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The four humors are black bile, yellow bile, phlegm, and blood. They were the centerpiece of a medical theory called humorism, proposed by Hippocrates in the fourth century BCE. Until the 19th century, humorism dominated medical practice, with medical professionals ascribing most health problems to an imbalance in these fluids. The humors also appeared in Muslim medicine, spreading East to India, where they are still utilized in some traditional medicine. Modern physicians and medical researchers have firmly debunked the theory, although it has left some legacies behind.
According to the theory, the four humors were fluids that circulated in the body. An imbalance, caused by an excessive amount or a deficit of one or more humors, would cause medical problems. The humors were in turn associated with the four elements, and with heat, cold, moisture, and dryness. Using the complex system, physicians were supposed to be able to figure out where the problem was in their patients, and then they could use a variety of tools to correct the imbalance.
Someone with an excess of black bile was said to be melancholic, while someone with too much yellow bile was choleric. Phlegmatic people, as you might imagine, had too much phlegm in their systems, while sanguine individuals had an excess of blood.
The correction of imbalances could be achieved by eating specific foods that were designed to promote production of one humor or another. Patients could also be bled or fed emetics that caused them to vomit, thereby in theory restoring their balance of humors. Physicians also used heat, cold, moisture, and dryness to treat imbalances, which explains things like hot plasters, cupping, and other esoteric medical practices.
While it might seem strange to Westerners who believe in modern medicine, the four humors were taken very seriously until the 1800s, when people began to learn more about the mechanism of disease. The huge leaps and bounds made in the sciences in the 1800s essentially disproved this theory, however, putting a stop to more than 2,000 years of medical practice.
While the humors themselves have been disproved, this theory of medicine does have a lot of similarity with traditional medicinal practices in other cultures, especially Asia. Traditional medicine often suggests that health problems are caused by imbalances in the body that must be corrected, and some traditional medicinal treatments are quite successful, suggesting that there may be some truth to this idea.
When I first learned about the four humors in class. It didn't make much sense to me, especially the two humors- black bile and yellow bile.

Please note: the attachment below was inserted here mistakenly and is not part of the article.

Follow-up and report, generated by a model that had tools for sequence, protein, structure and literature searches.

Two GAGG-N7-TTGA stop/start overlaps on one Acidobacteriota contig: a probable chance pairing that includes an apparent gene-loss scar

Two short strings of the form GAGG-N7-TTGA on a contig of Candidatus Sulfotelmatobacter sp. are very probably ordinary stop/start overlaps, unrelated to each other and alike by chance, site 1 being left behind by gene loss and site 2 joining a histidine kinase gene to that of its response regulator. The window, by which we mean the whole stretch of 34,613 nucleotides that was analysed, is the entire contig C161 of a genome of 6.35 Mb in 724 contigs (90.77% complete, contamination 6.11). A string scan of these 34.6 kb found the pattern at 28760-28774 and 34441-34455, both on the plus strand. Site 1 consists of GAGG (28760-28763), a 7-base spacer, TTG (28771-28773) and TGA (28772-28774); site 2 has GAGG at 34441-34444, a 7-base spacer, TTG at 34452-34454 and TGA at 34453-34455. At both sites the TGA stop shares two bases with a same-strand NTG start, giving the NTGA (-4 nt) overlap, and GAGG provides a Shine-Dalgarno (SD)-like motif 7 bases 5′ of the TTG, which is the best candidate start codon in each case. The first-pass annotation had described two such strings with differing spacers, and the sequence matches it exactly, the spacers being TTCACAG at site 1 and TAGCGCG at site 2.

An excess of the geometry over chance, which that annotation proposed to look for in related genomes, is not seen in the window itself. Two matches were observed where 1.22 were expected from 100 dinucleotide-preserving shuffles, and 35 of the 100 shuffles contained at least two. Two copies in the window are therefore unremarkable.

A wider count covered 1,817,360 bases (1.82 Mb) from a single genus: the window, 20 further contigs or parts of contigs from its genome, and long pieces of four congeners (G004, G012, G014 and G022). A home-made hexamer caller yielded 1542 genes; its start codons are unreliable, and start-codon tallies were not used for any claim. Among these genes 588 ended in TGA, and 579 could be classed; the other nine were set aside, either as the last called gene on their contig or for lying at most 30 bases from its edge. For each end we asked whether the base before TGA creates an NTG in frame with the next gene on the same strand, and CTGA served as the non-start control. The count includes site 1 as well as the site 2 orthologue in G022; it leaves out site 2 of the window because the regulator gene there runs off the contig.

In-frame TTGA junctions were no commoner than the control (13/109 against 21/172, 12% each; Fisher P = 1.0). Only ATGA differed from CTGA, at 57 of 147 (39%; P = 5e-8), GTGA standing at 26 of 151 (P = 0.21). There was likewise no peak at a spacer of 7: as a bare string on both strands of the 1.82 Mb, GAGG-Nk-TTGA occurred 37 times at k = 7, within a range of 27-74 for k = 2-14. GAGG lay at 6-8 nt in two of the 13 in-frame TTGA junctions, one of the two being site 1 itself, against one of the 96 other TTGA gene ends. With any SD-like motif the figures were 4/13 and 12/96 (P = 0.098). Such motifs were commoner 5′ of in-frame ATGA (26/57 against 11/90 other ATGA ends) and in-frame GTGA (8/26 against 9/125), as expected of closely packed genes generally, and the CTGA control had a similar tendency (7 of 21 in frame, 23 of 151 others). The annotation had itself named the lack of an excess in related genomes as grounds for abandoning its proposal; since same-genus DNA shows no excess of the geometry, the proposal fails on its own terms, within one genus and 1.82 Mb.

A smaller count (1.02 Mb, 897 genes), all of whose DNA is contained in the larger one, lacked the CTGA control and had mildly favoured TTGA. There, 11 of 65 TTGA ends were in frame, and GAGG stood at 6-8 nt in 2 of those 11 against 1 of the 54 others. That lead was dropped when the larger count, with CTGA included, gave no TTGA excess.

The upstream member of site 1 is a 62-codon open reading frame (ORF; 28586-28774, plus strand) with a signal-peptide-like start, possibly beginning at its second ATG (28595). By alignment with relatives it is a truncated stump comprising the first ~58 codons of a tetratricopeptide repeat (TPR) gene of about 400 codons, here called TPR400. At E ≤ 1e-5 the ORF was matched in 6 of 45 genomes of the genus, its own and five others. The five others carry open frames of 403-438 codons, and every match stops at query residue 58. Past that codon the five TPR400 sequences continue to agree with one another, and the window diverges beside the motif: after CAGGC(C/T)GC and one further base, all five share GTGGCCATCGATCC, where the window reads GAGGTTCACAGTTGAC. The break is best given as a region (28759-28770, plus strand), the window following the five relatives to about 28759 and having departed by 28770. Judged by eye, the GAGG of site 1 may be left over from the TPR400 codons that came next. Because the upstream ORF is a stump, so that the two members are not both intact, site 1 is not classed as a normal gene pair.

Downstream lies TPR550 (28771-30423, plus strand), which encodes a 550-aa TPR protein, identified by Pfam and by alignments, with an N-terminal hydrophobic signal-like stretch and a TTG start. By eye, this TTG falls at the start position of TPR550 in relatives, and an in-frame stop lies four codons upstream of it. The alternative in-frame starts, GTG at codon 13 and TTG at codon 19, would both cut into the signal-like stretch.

Apparently, yellow bile means bilirubin. When components of red blood cells break down, they create bilirubin which is yellow in color. And black bile is a blackish component of platelets which are cell fragments.
When I think about these humors in this sense, humoral theory makes a lot more sense to me. I know that with metabolic and genetic illnesses, a lot of it has to do with how cells function or dysfunction.
@anamur-- I agree with you. They are similar because they're based on the different body constitutions. In this time period, this was the basis of medicine not just in Greece but also in India and China. Those who studied medicine must have definitely shared knowledge with each other and so it's not surprising that the four humor theory is found in other cultures.
Even if you don't find humorism to be crazy, you must agree that it really isn't logical either. Just think about it, the doctors in this period would do things like putting leeches on someone's body to suck blood. They thought that if the blood amount in the body reduced, so would their fever!
not saying that humorism didn't benefit modern medicine at all. I'm sure the observation techniques and thought processes of the present started out during the four humors of the middle ages. But I'm also glad that these treatment methods were left behind for good!
The four humors doesn't sound crazy at all to me and I'm not surprised that it dominated medical practice in the past.
It actually sounds very much like the dosas in ayurveda, which is Ancient Indian medicine. It's called ancient, but it's still very much in use in India and all over the globe. There are also ayurvedic practitioners and centers here in the U.S.
There are differences between humorism and ayurveda though. In ayurveda there are three dosas, or body types, not four like in humorism. In ayurveda, vata stands for wind, pitta stands for bile and kapha stands for phlegm.
Isn't that very similar to the four humors?